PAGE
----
(Reuters) - Gap Inc (GPS.N) said it expected comparable sales to be flat to up slightly in 2017, reversing two straight years of declines, indicating that the apparel chain’s turnaround efforts are gaining momentum.
The company’s shares were marginally up at $24.10 in after-market trading on Thursday. They had closed down 3.6 percent in regular trading.
Under Chief Executive Officer Art Peck, Gap has been looking to replicate the success of its low-end Old Navy brand at its Gap and Banana Republic businesses.
Gap has improved its product lines, maintained a leaner inventory and reined in costs as part of the initiative.
The efforts are paying off, with the company reporting flat same-store sales at its Gap brand, ending nearly three years of quarterly declines, and a rise of 5 percent at Old Navy, the company’s biggest brand by revenue.
A flat comparable sales and earnings forecast could be seen as a relative win but that is not the picture of a growing business, Instinet analyst Simeon Siegel told Reuters.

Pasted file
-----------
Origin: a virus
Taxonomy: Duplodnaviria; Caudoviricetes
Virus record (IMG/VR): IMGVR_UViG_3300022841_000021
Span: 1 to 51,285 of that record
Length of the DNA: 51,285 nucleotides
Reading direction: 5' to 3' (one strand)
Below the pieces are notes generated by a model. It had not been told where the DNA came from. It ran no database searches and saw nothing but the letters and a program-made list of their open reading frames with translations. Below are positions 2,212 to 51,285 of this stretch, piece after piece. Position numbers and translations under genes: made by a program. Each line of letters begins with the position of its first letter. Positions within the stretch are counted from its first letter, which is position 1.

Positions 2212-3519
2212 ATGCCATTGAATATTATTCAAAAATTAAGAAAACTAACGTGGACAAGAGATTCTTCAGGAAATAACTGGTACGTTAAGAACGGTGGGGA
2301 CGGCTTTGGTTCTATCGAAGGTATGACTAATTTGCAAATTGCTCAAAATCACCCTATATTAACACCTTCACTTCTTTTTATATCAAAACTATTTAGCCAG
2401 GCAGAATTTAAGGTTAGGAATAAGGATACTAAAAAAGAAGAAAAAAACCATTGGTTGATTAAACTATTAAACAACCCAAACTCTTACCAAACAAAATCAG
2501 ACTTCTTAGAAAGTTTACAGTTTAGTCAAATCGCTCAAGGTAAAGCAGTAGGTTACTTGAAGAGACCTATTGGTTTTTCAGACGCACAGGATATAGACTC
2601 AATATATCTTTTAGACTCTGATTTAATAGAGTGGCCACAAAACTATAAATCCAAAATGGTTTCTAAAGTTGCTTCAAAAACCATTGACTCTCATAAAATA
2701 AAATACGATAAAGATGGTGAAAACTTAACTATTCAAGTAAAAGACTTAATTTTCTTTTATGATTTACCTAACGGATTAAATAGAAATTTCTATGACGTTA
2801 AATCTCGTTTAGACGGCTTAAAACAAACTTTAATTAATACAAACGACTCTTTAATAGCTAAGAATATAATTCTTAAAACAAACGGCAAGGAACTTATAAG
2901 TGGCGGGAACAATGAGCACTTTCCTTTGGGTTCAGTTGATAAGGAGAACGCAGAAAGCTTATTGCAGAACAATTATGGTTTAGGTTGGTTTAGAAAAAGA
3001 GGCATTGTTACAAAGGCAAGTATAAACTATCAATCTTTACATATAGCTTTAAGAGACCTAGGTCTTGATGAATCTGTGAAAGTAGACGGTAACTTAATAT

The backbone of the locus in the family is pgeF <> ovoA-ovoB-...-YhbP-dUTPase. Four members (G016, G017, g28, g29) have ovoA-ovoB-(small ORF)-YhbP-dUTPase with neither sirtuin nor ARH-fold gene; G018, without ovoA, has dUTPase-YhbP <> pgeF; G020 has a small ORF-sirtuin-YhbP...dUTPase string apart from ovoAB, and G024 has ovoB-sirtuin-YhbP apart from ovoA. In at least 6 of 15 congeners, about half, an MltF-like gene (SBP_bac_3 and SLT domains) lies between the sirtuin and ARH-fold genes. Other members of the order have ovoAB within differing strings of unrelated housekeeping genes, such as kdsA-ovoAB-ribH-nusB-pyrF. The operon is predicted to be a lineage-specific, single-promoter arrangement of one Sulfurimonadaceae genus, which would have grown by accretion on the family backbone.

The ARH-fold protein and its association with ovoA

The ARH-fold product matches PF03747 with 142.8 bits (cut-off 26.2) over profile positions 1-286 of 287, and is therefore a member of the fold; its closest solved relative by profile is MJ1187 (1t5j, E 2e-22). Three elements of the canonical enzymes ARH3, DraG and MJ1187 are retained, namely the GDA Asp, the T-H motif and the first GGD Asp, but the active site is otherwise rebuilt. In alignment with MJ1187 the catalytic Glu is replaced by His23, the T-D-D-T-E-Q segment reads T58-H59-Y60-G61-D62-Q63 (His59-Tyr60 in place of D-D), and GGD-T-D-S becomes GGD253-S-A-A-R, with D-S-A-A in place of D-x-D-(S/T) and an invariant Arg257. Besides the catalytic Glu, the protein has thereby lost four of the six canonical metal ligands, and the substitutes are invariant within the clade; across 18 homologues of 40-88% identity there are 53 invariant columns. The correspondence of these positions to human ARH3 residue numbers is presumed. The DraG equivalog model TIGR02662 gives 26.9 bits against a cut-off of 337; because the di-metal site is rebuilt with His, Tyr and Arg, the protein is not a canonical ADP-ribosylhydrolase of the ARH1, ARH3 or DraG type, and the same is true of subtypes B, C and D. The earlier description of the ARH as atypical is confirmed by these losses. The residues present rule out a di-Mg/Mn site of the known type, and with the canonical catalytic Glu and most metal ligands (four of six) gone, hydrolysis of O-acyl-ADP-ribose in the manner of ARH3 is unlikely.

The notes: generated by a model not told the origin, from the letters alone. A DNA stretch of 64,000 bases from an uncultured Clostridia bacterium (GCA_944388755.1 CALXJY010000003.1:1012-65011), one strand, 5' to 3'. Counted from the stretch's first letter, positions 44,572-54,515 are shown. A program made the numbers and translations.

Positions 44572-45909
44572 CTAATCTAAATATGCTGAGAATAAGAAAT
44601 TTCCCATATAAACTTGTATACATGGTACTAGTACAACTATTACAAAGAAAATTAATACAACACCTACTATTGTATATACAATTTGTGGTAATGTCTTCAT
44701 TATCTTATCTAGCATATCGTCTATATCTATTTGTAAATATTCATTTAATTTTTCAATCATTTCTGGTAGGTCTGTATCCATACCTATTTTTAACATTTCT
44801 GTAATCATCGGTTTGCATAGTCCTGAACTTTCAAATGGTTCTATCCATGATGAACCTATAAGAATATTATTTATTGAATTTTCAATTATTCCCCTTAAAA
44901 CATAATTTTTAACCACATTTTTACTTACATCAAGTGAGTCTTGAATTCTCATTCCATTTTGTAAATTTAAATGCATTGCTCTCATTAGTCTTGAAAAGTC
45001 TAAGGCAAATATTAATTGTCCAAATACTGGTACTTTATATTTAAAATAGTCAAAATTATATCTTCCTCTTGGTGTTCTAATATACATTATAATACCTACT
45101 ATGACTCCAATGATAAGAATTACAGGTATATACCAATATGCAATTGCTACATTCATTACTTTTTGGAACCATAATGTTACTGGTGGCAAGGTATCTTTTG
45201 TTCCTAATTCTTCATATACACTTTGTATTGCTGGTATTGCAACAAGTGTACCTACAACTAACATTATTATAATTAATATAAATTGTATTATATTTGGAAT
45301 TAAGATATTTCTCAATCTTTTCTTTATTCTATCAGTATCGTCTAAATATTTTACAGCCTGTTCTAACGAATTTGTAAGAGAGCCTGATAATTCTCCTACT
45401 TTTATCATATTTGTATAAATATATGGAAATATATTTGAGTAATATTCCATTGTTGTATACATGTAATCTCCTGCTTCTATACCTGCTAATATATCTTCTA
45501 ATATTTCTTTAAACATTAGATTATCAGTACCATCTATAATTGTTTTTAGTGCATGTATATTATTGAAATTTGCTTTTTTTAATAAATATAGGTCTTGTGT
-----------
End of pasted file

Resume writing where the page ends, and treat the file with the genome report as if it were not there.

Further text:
Like other traditional apparel retailers, Gap is also battling shoppers’ changing preferences as many turn to online retailers or buy at fast-fashion chains such as H&M (HMb.ST) and Inditex’s (ITX.MC) Zara that offer trendier clothes at cheaper prices.
The company said it expected to open about 40 company-operated stores in 2017, focusing on Athleta and Old Navy locations.
“I‘m bullish on Athleta and I‘m bullish on the brand’s growth prospects,” Gap Chief Executive Art Peck said on an earnings call with analysts.
Athleta, launched in 1998, provides fitness apparel for women including swimwear and yoga clothing. Gap does not break out Athleta sales.
“Athleta plays in one of the few areas within retail that is still showing growth and the company continues to capitalize on that opportunity,” analyst Siegel said.
Gap’s net sales rose 1 percent to $4.43 billion in the fourth quarter ended Jan. 28, the first sales increase after seven straight quarterly declines.
Analysts on average had expected revenue of $4.39 billion, according to Thomson Reuters I/B/E/S.
Gap’s net income rose to $220 million, or 55 cents per share, from $214 million, or 53 cents per share, a year earlier.
Excluding items, the company earned 51 cents per share, in-line with analysts’ average estimate.
Reporting by Jessica Kuruthukulangara in Bengaluru; Additional reporting by Diptendu Lahiri; Editing by Sriraj Kalluvila and Anil D'Silva